That is the fundamental reality in which we Christians are to live. Paul says, "You were dead in the trespasses and sins in which you once walked, following the course of this world, following the prince of the power of the air [the Devil], the spirit that is now at work in the sons of disobeidence - among whom we all once lived... But God, being rich in mercy, because of the great love with which he loved us, even when we were dead in our trespasses, made us alive together with Christ - by grace you have been saved." (v.1-3a, 4-5) That is salvation. And if you are reading this and are not a Christian, keep this in mind if a Christian ever tries to explain to you what salvation is - if he or she tells you that salvation means going to heaven when you die, you are being given only a bare fraction of what the picture really is, because salvation is not simply about destination. It is a state of being, which is enjoyed right now! It means being alive to God, being in a living relationship with him and knowing him through Jesus Christ as a loving Father who has adopted us as his children. This, more than having eternal life as something in itself (which can be described without reference to God), is what it means to be saved.
And saved is a fitting term, because it is not something we do ourselves - this is also what Paul makes very clear in this passage. We are saved, rescued from something; that is, from death, both physically and spiritually. The spiritual salvation is enjoyed right now in our lives of faith and knowledge and love of God, and physical salvation is enjoyed in the future in our eventual resurrection from the dead when the kingdom of God arrives on earth (with Christ's return). Yet all of this is something God does in us, and is not what we do in ourselves. "Even when we were dead," Paul says, God "made us alive together with Christ." He "raised us up with him," (vv.5-6) demonstrating a critical idea in Paul's thinking, that when Christ rose from the dead, we were raised along with him - both in soul (by the giving of faith and a relationship with God), and eventually in body (by the raising of the body from the dead; see 1 Corinthians 15). Our salvation is inseparable from Christ's resurrection. And like Christ's resurrection, it is something God causes to happen in us, not something that we cause. We are saved (passive) we do not save (active) ourselves. It is as though God the great and omnipotent spiritual surgeon has shocked the heart of his patient back to life, and so we are the recipients of salvation, not the initiators of it. To use a biblical illustration that fits in perfectly with this passage, we are like Lazarus in the tomb. Christ calls our name, and we respond (see John 11:1-44). But the response cannot come - Lazarus cannot walk out of the tomb - until Christ's words have first raised us (in the story, Lazarus) from the dead.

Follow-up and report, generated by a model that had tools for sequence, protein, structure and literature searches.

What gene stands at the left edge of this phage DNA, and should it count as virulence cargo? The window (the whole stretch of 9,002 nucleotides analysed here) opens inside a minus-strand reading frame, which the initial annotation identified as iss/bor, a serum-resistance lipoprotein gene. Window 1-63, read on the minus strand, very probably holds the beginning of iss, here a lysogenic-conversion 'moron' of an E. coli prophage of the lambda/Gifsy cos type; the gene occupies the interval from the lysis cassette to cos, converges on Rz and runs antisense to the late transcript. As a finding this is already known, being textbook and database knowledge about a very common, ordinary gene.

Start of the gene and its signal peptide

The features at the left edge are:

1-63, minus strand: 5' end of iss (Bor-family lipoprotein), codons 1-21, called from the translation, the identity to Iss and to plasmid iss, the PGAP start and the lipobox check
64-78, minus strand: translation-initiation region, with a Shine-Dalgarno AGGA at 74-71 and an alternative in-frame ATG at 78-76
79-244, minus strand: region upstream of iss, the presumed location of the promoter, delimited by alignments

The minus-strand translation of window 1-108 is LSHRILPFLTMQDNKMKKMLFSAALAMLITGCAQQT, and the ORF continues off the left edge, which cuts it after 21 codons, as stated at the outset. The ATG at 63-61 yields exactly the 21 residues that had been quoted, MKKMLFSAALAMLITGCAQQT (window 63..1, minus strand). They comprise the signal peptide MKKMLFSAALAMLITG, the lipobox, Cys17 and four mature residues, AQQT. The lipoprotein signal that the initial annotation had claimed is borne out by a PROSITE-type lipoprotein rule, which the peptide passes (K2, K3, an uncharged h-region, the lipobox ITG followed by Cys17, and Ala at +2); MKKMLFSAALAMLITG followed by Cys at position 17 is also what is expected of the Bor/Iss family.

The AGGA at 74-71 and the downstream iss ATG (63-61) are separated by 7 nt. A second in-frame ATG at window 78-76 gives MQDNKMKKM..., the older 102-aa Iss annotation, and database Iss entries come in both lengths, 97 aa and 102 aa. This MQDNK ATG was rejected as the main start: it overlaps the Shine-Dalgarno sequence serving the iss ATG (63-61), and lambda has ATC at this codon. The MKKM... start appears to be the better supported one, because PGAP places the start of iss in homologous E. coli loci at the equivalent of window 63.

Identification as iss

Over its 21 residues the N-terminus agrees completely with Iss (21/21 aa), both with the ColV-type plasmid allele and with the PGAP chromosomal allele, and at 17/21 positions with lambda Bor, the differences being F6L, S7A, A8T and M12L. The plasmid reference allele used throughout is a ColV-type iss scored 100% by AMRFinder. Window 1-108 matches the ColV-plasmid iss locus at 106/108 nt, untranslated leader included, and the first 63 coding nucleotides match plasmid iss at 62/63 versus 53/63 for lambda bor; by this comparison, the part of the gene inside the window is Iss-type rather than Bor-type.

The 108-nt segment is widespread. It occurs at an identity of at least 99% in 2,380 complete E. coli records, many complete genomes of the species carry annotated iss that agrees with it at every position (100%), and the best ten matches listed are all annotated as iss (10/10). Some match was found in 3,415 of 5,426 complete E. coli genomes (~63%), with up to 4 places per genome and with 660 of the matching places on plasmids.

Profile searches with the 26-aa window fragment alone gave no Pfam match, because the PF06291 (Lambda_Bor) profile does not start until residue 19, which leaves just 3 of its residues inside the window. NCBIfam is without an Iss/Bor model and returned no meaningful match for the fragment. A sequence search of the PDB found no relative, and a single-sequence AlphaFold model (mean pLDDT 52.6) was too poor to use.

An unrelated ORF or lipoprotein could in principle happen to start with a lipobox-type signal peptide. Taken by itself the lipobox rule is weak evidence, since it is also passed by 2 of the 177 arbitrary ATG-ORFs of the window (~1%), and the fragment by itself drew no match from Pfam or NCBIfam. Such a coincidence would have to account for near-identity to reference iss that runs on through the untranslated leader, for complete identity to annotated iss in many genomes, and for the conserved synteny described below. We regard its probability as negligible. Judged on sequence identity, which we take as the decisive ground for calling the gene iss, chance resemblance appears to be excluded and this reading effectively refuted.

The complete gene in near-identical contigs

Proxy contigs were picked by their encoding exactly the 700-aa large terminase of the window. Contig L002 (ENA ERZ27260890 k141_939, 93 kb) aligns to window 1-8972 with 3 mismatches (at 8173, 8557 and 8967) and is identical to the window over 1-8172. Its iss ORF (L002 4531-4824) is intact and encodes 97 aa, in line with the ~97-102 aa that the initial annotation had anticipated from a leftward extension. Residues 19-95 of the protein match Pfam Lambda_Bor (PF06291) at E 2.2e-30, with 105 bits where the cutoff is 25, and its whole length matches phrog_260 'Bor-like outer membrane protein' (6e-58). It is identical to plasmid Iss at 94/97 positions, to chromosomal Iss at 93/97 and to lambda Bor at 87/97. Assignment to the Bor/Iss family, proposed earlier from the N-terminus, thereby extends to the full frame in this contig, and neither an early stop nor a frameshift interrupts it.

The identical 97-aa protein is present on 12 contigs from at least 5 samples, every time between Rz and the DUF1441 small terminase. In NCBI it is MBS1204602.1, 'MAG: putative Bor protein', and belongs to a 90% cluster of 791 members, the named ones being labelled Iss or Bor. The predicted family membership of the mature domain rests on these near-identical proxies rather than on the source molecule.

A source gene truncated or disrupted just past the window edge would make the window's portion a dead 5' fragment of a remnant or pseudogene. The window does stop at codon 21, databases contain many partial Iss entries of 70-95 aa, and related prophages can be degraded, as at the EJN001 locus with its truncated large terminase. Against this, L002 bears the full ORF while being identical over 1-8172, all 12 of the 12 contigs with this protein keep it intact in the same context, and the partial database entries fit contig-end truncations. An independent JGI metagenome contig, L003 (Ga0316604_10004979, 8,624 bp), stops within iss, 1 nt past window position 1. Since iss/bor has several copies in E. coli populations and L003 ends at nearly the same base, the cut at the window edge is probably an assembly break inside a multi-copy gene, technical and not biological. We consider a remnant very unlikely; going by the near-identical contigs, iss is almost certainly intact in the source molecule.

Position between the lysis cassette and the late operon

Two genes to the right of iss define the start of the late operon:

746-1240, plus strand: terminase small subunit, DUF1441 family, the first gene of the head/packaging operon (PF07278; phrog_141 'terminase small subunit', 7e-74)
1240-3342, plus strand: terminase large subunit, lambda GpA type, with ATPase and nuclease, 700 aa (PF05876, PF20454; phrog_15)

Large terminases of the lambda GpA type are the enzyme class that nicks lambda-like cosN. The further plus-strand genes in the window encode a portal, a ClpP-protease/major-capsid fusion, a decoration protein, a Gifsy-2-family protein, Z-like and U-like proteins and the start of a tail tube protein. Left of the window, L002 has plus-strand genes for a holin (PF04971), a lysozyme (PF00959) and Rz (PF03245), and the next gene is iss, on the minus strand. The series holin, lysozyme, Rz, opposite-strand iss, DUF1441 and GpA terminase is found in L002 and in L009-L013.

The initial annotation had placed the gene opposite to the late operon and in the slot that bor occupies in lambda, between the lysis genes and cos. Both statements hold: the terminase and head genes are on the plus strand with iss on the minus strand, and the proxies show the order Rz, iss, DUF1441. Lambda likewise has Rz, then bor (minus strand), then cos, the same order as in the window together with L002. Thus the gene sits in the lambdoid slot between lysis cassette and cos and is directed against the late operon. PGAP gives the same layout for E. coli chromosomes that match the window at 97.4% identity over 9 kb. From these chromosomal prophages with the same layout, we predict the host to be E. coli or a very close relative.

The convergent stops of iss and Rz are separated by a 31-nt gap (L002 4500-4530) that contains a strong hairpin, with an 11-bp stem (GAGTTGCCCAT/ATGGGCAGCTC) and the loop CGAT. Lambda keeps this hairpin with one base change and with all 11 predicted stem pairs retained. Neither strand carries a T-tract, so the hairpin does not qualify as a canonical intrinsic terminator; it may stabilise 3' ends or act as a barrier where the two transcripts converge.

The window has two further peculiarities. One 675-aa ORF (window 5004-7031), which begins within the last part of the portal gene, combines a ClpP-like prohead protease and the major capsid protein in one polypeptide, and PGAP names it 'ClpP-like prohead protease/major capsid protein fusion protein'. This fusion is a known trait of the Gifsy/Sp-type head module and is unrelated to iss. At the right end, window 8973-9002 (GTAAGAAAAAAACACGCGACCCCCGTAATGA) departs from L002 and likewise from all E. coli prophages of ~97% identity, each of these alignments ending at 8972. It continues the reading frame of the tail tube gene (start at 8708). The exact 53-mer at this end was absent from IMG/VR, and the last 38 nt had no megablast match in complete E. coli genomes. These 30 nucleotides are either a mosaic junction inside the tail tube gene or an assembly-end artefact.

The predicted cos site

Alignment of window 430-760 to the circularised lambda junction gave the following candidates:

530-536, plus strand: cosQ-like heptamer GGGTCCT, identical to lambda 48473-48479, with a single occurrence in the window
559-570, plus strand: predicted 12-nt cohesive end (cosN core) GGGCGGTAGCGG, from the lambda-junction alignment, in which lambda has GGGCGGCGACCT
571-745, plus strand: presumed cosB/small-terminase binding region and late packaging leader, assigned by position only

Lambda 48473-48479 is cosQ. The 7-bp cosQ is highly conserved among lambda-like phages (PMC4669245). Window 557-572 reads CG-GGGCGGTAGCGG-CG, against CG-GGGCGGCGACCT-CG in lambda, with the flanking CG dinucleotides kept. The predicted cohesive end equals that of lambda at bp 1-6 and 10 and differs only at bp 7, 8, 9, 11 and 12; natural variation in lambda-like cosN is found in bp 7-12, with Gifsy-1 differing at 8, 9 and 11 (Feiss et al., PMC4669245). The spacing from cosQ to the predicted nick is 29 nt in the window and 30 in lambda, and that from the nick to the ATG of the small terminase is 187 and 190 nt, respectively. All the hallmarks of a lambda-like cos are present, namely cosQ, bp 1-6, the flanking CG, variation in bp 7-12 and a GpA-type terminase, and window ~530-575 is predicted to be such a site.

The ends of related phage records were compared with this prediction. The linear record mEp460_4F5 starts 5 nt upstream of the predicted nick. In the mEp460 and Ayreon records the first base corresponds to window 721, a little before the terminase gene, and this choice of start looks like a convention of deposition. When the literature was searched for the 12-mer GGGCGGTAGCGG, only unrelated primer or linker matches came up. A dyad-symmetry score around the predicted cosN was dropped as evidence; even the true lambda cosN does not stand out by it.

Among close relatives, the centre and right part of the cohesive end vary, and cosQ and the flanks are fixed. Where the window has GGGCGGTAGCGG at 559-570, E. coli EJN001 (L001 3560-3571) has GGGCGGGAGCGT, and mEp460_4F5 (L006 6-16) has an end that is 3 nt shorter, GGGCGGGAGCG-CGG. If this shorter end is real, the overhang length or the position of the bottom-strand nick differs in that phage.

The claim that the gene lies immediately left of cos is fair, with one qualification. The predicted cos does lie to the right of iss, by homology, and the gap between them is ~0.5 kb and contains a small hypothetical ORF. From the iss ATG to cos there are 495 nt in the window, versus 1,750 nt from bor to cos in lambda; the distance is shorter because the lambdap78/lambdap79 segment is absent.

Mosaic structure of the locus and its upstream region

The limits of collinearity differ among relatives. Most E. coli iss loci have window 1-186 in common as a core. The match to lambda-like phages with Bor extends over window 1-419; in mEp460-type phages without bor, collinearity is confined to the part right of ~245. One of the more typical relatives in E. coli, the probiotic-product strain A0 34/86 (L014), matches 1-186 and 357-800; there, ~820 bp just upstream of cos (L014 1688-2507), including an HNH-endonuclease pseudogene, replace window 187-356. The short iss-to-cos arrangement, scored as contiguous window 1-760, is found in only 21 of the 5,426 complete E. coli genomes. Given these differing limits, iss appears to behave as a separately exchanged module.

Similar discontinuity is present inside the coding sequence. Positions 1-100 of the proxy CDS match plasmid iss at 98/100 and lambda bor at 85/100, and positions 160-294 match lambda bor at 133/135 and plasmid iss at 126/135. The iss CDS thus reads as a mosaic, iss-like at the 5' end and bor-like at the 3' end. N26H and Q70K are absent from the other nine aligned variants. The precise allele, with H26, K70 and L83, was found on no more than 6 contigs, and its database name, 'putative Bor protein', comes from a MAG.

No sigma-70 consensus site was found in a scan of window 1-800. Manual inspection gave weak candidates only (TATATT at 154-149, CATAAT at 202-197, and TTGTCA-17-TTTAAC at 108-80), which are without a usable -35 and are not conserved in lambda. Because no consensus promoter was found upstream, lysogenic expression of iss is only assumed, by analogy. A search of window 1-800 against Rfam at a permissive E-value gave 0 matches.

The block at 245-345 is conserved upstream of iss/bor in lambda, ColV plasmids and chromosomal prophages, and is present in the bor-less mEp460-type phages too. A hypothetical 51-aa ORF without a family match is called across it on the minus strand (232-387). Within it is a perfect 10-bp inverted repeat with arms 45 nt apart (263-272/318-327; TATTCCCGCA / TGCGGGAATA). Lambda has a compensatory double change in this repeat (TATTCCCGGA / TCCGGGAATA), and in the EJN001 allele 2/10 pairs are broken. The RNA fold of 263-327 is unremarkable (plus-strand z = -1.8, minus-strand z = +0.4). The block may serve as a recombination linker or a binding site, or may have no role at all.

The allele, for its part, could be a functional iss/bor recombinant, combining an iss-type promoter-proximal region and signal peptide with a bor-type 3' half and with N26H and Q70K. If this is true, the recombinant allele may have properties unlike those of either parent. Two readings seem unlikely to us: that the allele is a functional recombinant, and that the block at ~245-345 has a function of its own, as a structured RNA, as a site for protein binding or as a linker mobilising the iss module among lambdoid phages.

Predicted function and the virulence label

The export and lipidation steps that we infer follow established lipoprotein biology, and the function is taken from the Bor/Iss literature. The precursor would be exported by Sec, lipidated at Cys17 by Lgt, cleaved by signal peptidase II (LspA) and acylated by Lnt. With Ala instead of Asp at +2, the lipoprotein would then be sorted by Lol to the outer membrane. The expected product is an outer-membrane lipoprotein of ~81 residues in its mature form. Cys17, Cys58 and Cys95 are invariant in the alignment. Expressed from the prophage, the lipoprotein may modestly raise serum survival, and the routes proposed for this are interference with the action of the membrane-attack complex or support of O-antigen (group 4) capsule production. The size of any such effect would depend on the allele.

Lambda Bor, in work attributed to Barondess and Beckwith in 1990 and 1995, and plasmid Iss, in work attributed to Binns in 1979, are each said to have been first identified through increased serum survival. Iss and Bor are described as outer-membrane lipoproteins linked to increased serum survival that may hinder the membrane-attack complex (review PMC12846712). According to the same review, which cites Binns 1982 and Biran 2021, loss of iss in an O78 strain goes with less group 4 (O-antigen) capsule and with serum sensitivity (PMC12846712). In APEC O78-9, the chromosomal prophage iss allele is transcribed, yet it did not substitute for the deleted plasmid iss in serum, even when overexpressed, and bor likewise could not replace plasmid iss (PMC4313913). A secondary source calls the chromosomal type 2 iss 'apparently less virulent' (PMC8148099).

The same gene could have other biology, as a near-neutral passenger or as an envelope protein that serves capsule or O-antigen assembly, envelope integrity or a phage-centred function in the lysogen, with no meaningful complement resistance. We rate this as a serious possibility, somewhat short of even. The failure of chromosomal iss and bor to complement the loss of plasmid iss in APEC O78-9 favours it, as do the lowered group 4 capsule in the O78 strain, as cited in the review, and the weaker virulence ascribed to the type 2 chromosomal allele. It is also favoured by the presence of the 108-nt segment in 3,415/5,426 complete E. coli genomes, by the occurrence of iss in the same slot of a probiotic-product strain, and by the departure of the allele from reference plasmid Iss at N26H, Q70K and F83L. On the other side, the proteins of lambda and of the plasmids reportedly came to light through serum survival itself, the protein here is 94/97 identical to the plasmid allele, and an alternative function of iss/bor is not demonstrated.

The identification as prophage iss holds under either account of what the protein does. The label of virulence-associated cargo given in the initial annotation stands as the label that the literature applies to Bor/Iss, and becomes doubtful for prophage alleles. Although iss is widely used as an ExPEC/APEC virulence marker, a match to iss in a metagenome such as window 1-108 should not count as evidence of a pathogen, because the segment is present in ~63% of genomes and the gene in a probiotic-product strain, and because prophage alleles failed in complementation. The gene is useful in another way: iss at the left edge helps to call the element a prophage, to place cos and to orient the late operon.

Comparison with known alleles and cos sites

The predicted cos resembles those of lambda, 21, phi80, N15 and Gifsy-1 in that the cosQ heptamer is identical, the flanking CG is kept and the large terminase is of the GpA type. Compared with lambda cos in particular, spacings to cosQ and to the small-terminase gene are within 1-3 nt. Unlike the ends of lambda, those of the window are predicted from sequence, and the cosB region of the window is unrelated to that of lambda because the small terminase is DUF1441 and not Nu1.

So we do not do it, but we do respond to it willingly as Lazarus did. Therefore Paul says, "For by grace you have been saved through faith. And this is not your own doing; it is the gift of God, not a result of works, so that no one may boast." (Eph. 2:8-9) We are not saved by faith (that is, by virtue of our faith, as though having faith is what earns salvation). We are saved by grace... through faith. Faith is the means and the method by which God's grace is applied to our lives. To distill all these critical thoughts into a single sentence: We are not saved because we have faith, but instead we have faith because we are saved.
Faith is not what saves us. Grace is what saves us, and it does so through faith, by creating faith as a part of our lives, and in doing so, raising us up from spiritual death into spiritual life. This is why Paul emphasizes, "And this is not your own doing; it is the gift of God, not a result of works, so that no one may boast." (v.9) If salvation is something we have gained or, you could say, earned, simply because we "have faith," we would have grounds for boasting before God. We would have grounds for saying, "Well, at some point in my life I'm glad I had the good sense to give my life to Jesus. Too bad not everyone else is as smart as I am..." No. If you are doing that, you have not understood your own salvation properly. It is the gift of God, and it is not because of you. God made you alive; God raised you up with Christ; and God did this because of his grace, and he did it through your faith. This is not your own doing - that is, salvation by grace through faith is not your own doing, but is the gift of God. All of it, down to the finest detail, is God's work within you to create life and joy and peace in him.